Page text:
I use Basecamp HQ for a lot of my project planning and tracking, to host my business e-mail accounts using the Gmail enterprise systems and to have a few sandboxes on Amazon AWS S3 and AWS CloudFront. So I'm not one to be calling the kettle black.
For all the data that I own in these systems, if for one reason or another they were to go down or simply reject me, then I'd be up a cloud without a propeller. It's a hard feeling to accept that you own zero percent of your business's core infrastructure. Luckily, as a startup business owner, I've got more to gain than to lose by cloud services, which lets me sleep well at night.
However, what if I were the CTO of a medium-sized established business? When your revenue, dependent on these very enterprise systems, fits in the multimillion-dollar range, just how much can you depend on cloud partners when you see things like e-mail disappearing from Gmail.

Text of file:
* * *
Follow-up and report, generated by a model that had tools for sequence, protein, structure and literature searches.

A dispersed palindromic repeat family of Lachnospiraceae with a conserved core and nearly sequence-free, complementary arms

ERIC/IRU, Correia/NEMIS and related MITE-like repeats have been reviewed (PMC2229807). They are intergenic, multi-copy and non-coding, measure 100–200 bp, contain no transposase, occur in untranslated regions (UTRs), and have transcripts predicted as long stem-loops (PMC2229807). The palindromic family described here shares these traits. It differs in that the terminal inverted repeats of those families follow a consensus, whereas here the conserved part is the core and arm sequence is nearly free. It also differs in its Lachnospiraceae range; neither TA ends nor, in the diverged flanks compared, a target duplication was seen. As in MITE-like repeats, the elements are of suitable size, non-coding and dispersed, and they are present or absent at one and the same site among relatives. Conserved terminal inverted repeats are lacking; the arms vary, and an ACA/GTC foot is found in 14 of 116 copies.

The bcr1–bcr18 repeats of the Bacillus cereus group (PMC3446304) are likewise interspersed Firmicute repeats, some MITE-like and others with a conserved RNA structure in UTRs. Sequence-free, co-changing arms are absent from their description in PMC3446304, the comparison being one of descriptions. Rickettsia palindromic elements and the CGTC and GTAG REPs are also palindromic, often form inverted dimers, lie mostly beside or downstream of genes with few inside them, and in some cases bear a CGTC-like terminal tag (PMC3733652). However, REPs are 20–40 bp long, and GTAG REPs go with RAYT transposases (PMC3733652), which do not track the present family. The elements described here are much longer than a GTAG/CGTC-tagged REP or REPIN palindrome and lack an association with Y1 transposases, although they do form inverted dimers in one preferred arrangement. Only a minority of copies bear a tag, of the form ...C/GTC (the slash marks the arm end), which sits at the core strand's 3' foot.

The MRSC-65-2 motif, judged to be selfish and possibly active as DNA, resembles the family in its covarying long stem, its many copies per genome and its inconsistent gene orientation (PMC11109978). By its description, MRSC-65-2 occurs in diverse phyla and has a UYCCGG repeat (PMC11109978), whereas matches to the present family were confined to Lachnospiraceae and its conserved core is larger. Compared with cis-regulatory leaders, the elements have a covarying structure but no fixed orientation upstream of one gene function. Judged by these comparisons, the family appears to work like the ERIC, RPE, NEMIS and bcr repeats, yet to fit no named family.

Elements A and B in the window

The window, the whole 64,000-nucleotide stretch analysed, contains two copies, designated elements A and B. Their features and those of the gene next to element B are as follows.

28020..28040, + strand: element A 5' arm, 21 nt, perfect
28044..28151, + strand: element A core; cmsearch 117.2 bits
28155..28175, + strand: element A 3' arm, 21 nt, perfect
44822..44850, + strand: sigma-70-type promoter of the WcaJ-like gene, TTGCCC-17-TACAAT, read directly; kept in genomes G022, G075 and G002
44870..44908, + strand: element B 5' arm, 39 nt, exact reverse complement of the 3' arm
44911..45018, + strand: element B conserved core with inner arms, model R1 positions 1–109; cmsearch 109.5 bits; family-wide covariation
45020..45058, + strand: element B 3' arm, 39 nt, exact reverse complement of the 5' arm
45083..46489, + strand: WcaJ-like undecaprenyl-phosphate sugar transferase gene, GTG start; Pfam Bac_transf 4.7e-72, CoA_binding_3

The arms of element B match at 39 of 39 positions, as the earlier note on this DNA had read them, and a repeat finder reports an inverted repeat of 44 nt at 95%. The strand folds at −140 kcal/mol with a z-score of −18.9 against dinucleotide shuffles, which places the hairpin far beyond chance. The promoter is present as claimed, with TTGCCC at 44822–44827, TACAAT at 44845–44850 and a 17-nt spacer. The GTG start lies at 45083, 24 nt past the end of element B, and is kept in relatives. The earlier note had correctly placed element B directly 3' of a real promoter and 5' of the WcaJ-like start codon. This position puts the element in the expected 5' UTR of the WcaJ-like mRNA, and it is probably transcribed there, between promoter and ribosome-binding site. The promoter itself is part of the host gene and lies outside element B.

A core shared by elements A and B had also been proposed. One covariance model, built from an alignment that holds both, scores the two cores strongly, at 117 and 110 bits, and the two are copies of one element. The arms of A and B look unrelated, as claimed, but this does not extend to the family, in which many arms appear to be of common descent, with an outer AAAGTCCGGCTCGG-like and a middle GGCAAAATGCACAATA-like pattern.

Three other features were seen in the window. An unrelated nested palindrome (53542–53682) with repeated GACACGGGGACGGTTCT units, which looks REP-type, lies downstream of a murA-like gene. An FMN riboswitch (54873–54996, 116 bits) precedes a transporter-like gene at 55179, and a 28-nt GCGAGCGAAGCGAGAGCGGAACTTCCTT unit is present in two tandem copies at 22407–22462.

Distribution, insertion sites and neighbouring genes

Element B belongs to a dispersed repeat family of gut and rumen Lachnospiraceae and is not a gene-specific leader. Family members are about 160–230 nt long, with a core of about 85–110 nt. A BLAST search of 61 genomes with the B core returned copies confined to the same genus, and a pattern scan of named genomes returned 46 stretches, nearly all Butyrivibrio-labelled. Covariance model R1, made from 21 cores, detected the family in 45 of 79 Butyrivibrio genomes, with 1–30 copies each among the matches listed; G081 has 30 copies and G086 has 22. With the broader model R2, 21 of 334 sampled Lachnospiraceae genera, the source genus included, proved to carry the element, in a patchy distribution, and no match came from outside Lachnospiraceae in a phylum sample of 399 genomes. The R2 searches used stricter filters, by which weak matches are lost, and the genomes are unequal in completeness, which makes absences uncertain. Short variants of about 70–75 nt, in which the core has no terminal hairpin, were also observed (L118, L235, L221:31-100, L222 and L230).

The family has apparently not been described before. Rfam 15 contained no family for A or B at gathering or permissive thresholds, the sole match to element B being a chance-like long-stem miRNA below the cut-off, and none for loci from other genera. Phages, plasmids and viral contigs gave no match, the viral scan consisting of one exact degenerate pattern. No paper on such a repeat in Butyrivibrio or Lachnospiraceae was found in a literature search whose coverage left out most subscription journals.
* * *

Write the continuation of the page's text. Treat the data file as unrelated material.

Lately, on some of my consulting arrangements, the question 'internal or external' is ultimately asked. I've noticed that business managers are keen to choose SaaS because it's ready out of the box and relatively cheap up front, even though most times it costs exponentially more over five years. This is very much like shopping with a credit card: Charge now, pay later. Unfortunately, many SaaS solutions aren't the silver bullet they were pitched as and the business does end up paying for a lot of customization.
There is absolutely nothing wrong with a cloud solution, as long as you have a strong master service agreement in place, disaster recovery alternatives and have done all the due diligence required (like financial health, existing customers and interviews, etc.) to make that important outsourcing decision. Problem is, as the cloud becomes more and more part of business as usual, people have forgotten to do their due diligence.